I’ll never forget my first morning deer hunting on public land near my childhood home in southern Wisconsin, a state with more than 600,000 deer hunters. For nine days a year, the state could field the world’s seventh largest army. Since hunters are required to wear blaze orange during the gun deer season, come November the Wisconsin woods and fields take on the look of a never-ending pumpkin patch—a loud one at that.
As I sat in a makeshift stand consisting of a board wedged between two branches about 15 feet off the ground, dawn brought a nearly steady barrage of rifle reports on the order of an Antietam reenactment. Until that time, I had no idea whitetail deer could run that fast. A blast from a .30-30, .270, or .30-06 (all common calibers used for deer hunting) will carry for miles, like gunpowder-induced thunder. The notion of a quiet morning communing with nature in the deer woods was, instead, something more akin to a day at the local gun range.
Is it any wonder, then, that hunters in droves are paying hush money for compound bows, air bows, silencers and now, new air rifles that deliver never-before-achieved lethality while greatly reducing noise? The trend of ditching ear plugs for weapons that don’t rock the forest (or your ear drums) is a theme that’s booming among America’s 15 million hunters—and nearly everyone seems happy about it.
One brand that is at the forefront of hunting’s quiet revolution is Umarex, purveyors of top-of-the-line air rifles. The company is helping change hunting’s trajectory with technological breakthroughs that have transformed an air rifle’s capabilities—dramatically. While Lewis and Clark used a primitive air gun to take more than 1,000 animals on their famed Voyage of Discovery, new Umarex models are light years from the early air guns—think the difference between the Wright Flyer and Apollo.
At the heart of this quantum leap is a patent-pending valve. The valve, along with a unique regulator, instantly pulses a jet of compressed air at 3,000 pounds per square inch behind either a 550- or 250-grain slug. The result is that the slugs travel at 760 feet per second or 1,000 feet per second respectively. Translated, that’s a wallop. The aptly named Umarex Hammer.50 caliber air rifles are now being used across the globe to hunt everything from deer in the Midwest to bears in Canada to 2,000-pound Cape buffalo in Africa. Indeed, these aren’t your granddad’s air guns.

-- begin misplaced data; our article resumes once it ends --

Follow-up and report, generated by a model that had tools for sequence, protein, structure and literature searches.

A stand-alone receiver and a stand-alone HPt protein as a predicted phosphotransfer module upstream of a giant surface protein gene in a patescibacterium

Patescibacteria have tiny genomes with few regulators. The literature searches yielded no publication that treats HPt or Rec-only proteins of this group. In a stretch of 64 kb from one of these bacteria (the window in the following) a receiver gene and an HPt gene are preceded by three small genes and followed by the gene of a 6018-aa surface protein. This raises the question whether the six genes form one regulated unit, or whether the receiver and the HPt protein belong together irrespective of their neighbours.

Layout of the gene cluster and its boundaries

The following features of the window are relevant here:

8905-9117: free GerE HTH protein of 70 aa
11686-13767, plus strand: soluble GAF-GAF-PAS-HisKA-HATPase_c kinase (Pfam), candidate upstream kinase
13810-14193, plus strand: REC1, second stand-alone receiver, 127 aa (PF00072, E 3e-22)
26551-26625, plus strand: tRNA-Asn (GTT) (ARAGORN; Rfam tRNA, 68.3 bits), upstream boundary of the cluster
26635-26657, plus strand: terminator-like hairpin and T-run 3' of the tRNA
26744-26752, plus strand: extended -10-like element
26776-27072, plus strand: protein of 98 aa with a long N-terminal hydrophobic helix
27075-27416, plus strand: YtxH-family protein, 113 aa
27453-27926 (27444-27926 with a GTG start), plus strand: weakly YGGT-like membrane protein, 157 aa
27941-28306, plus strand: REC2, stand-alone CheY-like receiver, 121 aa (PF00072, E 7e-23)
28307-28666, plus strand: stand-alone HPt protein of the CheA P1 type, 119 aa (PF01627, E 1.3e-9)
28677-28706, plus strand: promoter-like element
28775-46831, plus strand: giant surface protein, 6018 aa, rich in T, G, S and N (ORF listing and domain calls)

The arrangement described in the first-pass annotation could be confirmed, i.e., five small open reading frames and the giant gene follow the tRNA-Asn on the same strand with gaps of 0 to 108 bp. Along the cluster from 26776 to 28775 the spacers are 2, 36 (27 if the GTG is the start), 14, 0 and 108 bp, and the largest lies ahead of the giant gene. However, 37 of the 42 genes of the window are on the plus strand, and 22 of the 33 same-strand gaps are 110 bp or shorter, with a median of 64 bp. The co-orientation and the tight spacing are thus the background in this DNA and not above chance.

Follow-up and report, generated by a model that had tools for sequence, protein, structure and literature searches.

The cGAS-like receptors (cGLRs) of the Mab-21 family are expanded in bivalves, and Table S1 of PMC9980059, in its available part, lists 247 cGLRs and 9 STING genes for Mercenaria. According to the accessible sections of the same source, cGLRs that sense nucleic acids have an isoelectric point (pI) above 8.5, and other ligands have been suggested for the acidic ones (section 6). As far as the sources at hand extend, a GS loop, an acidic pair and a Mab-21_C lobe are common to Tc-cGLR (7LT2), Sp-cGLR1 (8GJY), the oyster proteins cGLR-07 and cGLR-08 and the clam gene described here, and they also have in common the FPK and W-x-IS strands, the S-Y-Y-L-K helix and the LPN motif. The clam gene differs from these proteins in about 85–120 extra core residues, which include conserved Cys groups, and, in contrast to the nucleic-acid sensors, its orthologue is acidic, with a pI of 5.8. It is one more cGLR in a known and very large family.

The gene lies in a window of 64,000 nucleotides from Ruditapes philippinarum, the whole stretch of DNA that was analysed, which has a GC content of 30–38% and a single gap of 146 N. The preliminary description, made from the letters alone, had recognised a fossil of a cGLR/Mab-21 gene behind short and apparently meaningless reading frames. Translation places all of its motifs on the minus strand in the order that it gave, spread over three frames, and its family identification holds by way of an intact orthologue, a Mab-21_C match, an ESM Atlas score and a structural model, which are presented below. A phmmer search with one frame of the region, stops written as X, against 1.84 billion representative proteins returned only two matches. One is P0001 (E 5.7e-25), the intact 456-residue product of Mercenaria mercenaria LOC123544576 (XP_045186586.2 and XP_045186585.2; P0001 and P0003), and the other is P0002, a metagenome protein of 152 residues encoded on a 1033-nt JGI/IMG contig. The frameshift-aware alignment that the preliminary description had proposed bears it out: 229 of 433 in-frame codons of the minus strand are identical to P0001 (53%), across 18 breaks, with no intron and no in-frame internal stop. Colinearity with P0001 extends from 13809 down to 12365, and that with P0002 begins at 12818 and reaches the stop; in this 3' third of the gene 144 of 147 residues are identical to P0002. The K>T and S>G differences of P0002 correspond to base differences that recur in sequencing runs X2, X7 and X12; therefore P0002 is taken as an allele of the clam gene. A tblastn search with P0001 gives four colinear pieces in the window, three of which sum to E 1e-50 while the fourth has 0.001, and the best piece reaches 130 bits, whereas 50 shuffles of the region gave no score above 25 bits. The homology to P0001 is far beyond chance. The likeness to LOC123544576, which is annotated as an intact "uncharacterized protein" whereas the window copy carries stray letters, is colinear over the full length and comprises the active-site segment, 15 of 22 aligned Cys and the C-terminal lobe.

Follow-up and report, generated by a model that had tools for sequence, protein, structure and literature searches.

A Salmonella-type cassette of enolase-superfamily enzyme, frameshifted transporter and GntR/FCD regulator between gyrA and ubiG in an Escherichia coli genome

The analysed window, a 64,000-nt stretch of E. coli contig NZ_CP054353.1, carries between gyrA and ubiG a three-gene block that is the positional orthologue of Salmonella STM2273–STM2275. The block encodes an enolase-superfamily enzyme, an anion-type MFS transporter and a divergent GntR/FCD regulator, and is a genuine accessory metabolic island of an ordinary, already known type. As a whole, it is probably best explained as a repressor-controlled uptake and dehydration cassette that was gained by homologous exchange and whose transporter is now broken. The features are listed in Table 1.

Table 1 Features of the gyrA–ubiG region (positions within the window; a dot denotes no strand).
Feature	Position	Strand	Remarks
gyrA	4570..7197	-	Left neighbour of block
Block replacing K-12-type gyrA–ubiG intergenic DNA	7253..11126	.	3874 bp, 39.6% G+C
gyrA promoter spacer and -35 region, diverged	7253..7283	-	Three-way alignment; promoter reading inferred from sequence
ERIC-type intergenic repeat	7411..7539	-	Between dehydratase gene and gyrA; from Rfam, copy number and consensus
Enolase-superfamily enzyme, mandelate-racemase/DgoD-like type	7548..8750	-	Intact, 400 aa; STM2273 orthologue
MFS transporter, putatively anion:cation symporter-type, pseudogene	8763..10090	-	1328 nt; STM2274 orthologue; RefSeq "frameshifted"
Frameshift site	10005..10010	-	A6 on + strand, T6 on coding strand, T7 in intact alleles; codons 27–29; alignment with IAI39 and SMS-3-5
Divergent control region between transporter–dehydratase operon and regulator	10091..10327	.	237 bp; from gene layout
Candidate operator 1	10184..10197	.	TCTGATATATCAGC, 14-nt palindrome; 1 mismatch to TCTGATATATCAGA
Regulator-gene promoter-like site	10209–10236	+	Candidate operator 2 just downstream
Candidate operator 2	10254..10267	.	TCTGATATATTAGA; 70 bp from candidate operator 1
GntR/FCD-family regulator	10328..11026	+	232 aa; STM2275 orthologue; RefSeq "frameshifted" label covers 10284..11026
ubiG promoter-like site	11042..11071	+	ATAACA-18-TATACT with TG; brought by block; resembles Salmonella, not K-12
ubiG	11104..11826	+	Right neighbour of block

In addition to significant noise reduction (hearing protection isn’t necessary when shooting Umarex air rifles) they do not kick like traditional centerfire rifles as their light recoil is more of a firm push rather than the sharp jolt common to other rifles. Moreover, air rifles are not subject to the same Bureau of Alcohol, Tobacco, and Firearms regulations as centerfire and rimfire firearms and can be purchased direct from Umarex rather than through a Federal Firearms Licensed dealer.
The company has taken their technology to the archery market as well, offering CO2-propelled air bows that are marketed under the names AirJavelin and AirSaber. Their recent launches of the AirJavelin Pro PCP and the AirSaber Elite X2 double barrel arrow gun have been category redefining—to say nothing of looking like something out of Mad Max. The bows are powered by an onboard tank that will deliver up to 25 effective shots before needing recharge. With the air regulated to 1,500 pounds per square inch, arrows will launch at 370 feet per second, delivering plenty of energy to take deer and other game inside of 60 yards. With an over-abundance of deer in many suburban and semi-rural areas, Umarex’s air bows are finding a significant market where stealth is a requisite. The air rifles and air bows are a popular choice for vermin control anywhere you don’t want to alarm the neighbors.
As legions of hunters embrace modern air rifles, a growing list of states have created hunting seasons expressly for the guns. Moreover, Safari Club International, the global conservation and hunter advocacy leader, has recently created a new record book designation exclusively for air rifle hunters. “Giving airgunners their own category in the SCI Record Book is overdue,” said the organization in a recent press release.
And once most sportsmen and women realize they can enjoy a hunt in quiet solitude, there’s no going back.